CURTIN University researchers are investigating whether a self-help intervention can benefit the mental health of mothers who suffer from perfectionism.
Perfectionism has been defined as always striving to achieve the highest standard in one or more aspects of life and engaging in highly self-critical thoughts about mistakes associated with meeting those standards.
Sarah Egan from School of Psychology and Speech Pathology said in previous studies, perfectionism had been found to relate to a higher incidence of postnatal depression and anxiety.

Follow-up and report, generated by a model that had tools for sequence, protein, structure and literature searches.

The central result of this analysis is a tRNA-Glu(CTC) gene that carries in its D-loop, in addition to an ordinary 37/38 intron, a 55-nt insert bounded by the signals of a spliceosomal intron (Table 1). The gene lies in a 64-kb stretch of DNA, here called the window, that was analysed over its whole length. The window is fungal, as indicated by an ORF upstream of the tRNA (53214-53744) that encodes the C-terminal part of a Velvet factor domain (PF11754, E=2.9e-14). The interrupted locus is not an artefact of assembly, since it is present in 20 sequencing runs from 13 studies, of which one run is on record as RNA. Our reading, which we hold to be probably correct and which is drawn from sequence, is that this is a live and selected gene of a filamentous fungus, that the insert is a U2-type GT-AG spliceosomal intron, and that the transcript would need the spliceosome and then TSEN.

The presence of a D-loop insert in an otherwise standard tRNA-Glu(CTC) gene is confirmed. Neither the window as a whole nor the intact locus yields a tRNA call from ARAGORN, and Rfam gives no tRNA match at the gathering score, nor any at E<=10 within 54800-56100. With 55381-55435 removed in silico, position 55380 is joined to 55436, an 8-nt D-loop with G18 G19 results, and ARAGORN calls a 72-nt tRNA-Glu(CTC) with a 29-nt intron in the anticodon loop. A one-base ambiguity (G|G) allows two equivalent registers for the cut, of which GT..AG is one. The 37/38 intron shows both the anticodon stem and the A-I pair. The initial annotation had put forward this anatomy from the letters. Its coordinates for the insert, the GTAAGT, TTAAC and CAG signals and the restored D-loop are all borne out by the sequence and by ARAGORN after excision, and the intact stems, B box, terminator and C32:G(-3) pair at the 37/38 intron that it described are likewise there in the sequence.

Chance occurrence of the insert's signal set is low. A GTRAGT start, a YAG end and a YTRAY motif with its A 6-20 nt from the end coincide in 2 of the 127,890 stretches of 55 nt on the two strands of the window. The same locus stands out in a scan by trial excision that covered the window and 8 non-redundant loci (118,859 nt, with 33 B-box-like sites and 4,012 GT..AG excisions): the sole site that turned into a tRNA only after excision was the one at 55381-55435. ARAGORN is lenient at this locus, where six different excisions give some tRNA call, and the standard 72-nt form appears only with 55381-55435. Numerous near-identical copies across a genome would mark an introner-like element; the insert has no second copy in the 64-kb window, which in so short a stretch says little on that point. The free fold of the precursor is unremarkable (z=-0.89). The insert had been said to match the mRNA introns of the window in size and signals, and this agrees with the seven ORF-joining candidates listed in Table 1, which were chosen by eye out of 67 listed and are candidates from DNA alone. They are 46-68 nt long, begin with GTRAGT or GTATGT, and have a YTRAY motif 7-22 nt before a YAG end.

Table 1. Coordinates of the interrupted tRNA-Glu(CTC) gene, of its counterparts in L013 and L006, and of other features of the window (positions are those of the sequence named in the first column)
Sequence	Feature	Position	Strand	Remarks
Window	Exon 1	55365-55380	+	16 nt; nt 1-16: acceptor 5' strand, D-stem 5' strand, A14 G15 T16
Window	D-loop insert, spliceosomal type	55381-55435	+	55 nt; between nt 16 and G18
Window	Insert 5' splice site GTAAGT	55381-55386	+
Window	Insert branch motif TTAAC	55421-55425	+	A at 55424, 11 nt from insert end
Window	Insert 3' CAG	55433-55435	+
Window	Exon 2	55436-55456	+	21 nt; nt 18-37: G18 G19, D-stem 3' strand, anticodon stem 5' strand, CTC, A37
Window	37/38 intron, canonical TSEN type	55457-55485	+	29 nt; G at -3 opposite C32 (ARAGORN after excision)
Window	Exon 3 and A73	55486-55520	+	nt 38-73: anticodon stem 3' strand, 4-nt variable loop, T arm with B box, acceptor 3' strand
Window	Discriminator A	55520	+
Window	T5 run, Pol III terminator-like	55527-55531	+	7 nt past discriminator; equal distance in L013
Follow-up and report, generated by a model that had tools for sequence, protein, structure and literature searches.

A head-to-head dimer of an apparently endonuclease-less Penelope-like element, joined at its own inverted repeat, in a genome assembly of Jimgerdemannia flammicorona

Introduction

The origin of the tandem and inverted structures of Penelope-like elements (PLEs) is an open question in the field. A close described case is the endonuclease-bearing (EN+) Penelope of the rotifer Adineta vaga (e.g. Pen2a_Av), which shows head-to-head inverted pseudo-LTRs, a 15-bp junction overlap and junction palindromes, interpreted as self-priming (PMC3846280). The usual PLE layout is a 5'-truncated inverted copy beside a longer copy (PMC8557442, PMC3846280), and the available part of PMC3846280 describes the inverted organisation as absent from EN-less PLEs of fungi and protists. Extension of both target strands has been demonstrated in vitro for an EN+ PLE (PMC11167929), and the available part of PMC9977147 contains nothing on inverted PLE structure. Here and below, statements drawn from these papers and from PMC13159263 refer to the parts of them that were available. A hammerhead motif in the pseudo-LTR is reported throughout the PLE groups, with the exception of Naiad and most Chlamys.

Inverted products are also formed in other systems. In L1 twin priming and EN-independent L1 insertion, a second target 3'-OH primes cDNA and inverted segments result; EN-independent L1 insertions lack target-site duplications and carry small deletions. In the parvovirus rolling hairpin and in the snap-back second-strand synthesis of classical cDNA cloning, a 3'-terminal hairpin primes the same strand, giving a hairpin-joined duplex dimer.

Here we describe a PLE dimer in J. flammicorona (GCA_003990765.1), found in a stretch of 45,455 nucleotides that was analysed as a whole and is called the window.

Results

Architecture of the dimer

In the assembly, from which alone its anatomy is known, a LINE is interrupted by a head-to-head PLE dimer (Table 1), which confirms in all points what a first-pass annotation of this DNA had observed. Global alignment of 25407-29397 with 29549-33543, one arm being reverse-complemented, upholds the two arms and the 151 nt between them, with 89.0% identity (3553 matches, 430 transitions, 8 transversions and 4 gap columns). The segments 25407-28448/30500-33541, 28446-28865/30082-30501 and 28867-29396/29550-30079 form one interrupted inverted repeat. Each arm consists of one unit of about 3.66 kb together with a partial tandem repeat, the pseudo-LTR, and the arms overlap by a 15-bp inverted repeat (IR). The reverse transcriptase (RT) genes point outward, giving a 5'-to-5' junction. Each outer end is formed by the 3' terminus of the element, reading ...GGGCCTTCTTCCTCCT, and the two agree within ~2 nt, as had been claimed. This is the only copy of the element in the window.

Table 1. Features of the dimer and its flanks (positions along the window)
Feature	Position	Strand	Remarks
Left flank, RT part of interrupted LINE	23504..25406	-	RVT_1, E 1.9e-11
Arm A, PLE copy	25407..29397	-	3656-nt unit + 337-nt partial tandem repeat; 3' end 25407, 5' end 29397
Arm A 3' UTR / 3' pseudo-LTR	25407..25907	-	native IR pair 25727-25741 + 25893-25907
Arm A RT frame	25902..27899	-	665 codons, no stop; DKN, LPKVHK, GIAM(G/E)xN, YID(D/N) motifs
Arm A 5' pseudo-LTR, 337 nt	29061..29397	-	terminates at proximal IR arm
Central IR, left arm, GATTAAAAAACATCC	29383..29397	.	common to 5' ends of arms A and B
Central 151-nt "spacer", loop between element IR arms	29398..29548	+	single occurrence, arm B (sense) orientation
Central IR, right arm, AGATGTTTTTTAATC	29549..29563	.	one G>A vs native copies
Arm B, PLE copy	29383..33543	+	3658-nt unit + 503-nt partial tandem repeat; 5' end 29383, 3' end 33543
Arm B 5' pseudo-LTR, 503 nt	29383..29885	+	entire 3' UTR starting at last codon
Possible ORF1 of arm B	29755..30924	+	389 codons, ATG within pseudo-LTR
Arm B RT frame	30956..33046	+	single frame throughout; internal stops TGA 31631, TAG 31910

“Postnatal depression is a serious mental health condition affecting up to 20 per cent of new mothers during the first 12 weeks following the birth of their infant,” Dr Egan said.
“This research will help determine how we can improve treatments for postnatal depression and anxiety but examining perfectionism, something that hasn’t been done before.
“Ultimately, the outcomes of this research have the potential to improve the lives of mothers and their babies and reduce the need to access services post-birth.”
The team is seeking pregnant women who are in, or approaching, their third trimester and who may be wondering how they will adjust to being new mothers.
Participants will be asked to complete a short online survey and a brief self-help booklet over a four-week period.
For more information, contact Talitha Lowndes, Curtin researcher, on (08) 9266 3436, via email at email@example.com or click here.